Saturday, April 10, 2010

Recycle the Rain: A how-to for installing a rain barrel

Harvesting rainwater using a small rain barrel helps supplement irrigation for a small cost. Storing rainwater also helps reduce stormwater runoff, which can lead to reduced levels of pesticides and fertilizers in our water.

Start with a drum
Many people make rain barrels out of inexpensive 50-gallon food-grade drums that were used to carry juices, olives, pickles, etc. Often you can find barrels for around $10 from drum and barrel suppliers.
Be sure to get a heavy-grade plastic container that won't let in light — clear or translucent barrels can speed the growth of algae, which can clog pipes.

Learn how to make a rain barrel

The water savings from using stored rainwater rather than municipal or well water can be substantial over a period of time. A rain barrel can also help reduce the amount of water that may settle around the foundation of your home.

Uses for collected water

•    Connect to a soaker hose (with the pressure-reducing washer removed)
•    Fill a watering can and hand-water plants, flower beds and gardens
•    Keep your compost bin moist
•    Rinse off gardening tools

How much rainwater can I collect?


A typical 1/2-inch rainfall will fill a 50- to 55- gallon barrel. Figure about a half gallon of water per square foot of roof area during a 1-inch rainfall. A 2,000-square-foot roof can collect about 1,000 gallons of water (accounting for about 20% loss from evaporation, runoff and splash).

What about filtering?

Leaf debris, bird droppings and chemicals from roof material won't likely be harmful to plants. Use a window screen or wire mesh to keep out debris and insects, and clean the tank periodically to remove any settling.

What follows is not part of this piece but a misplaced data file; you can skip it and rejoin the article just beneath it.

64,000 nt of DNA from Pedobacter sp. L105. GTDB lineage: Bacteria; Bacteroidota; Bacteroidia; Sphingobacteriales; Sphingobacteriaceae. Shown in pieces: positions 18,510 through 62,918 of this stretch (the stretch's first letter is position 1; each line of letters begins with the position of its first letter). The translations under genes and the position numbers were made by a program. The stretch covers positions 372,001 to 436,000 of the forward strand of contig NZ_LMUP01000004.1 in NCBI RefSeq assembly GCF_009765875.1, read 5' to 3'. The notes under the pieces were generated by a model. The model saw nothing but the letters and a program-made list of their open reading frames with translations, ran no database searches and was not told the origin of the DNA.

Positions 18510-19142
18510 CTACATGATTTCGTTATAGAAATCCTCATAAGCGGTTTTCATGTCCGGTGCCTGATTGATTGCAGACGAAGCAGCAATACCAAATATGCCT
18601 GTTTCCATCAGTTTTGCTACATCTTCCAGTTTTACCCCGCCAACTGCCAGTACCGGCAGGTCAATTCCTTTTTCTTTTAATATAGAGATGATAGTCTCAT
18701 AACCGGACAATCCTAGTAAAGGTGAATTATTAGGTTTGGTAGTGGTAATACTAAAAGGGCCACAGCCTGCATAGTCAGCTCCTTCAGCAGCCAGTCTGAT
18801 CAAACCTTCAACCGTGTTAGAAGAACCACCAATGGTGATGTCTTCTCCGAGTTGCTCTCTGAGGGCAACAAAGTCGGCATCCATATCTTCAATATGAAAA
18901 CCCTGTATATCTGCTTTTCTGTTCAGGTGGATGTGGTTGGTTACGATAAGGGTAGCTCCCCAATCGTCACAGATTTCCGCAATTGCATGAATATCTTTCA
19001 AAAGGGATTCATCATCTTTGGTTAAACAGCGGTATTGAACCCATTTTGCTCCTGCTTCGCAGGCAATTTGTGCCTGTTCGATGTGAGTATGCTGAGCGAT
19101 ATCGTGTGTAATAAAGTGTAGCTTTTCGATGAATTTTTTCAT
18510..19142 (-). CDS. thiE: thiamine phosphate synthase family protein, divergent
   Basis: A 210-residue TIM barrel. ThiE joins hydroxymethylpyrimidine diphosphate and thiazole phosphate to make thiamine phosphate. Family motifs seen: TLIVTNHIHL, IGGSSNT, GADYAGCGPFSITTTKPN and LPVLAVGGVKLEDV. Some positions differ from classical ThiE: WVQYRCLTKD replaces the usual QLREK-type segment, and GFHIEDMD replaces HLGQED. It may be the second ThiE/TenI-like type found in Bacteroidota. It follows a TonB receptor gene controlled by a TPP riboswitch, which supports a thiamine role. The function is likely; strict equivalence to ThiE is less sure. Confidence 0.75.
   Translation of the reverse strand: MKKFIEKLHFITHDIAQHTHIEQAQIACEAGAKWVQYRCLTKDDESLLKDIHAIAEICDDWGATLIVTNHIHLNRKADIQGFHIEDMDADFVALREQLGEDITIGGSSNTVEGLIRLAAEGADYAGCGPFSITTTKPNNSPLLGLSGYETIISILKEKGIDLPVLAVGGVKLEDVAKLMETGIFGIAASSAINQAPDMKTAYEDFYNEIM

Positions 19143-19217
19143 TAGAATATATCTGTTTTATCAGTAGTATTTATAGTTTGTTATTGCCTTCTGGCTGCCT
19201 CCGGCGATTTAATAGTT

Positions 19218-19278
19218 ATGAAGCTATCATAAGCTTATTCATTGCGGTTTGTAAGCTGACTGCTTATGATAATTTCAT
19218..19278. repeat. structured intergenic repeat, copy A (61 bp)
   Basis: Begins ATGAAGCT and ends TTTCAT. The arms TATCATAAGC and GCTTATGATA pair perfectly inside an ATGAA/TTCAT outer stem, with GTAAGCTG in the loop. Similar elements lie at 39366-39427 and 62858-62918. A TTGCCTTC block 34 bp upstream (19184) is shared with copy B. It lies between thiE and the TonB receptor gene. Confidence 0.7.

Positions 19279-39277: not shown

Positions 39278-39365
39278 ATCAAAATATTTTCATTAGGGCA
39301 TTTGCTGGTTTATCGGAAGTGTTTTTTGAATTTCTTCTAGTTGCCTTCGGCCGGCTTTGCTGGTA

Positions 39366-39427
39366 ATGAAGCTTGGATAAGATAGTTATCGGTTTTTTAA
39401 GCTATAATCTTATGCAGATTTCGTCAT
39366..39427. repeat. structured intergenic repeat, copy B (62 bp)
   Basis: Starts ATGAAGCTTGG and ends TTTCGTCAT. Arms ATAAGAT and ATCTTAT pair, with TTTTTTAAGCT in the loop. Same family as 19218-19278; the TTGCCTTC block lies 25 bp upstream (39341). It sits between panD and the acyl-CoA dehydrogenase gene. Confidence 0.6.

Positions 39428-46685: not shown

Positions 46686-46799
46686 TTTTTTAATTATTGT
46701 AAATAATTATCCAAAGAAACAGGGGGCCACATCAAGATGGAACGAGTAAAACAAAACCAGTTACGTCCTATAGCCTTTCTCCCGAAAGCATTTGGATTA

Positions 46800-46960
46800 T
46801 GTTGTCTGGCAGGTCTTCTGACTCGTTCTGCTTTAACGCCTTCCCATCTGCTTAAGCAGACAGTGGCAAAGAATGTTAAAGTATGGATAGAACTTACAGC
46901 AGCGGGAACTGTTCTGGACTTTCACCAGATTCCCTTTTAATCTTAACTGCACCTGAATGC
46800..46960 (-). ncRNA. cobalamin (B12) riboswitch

Do I need a permit?

Check with your county to see if a permit is required to install a small rain barrel for landscape watering. Some subdivisions with deed restrictions prohibit them. You can also check your local plumbing and health codes for guidance.

Stay away from plumbing

It's important to keep your rain barrel independent from existing house piping or sprinkler system piping to prevent a cross-connection to your potable water.

Rain barrel supplies

To find barrels or drums to convert into rain barrels, check the phone book or on the web. Make sure you purchase plastic food-grade containers. You can also get ready-to-go rain barrels; they come with an inlet and outlet already installed.

How it works


Catch rainwater...

...from a roof with gutters.

Store rainwater...

...in barrels, both big and small, which can be plastic, fiberglass, concrete or metal, so long as it's nonporous and smooth — even a garbage can will work.
 

Use collected water...


...either by filling a watering can or attaching a soaker or garden hose to water plants.
 

Who's doing it?The Hillsborough County Courthouse has a 15,000-gallon container. Rainwater is collected from the roof and stored in the underground tank, later to be used for watering the landscape.

The Florida House Learning Center in Sarasota has two water tanks that each hold 2,500 gallons of rainwater. One is used for irrigation, the other for flushing toilets and irrigation.

Many Extension offices have rain barrel demonstration exhibits and information on plants, gardening, composting and water conservation. Most even offer workshops on these subjects.




 



http://www.swfwmd.state.fl.us/conservation/rainbarrel/

1 comment:

  1. I was thinking you might want to add this link to your article, it is a rainwater harvesting calculator: http://rdcisterns.com/water-solutions/rainwater-harvesting-calculator/

    ReplyDelete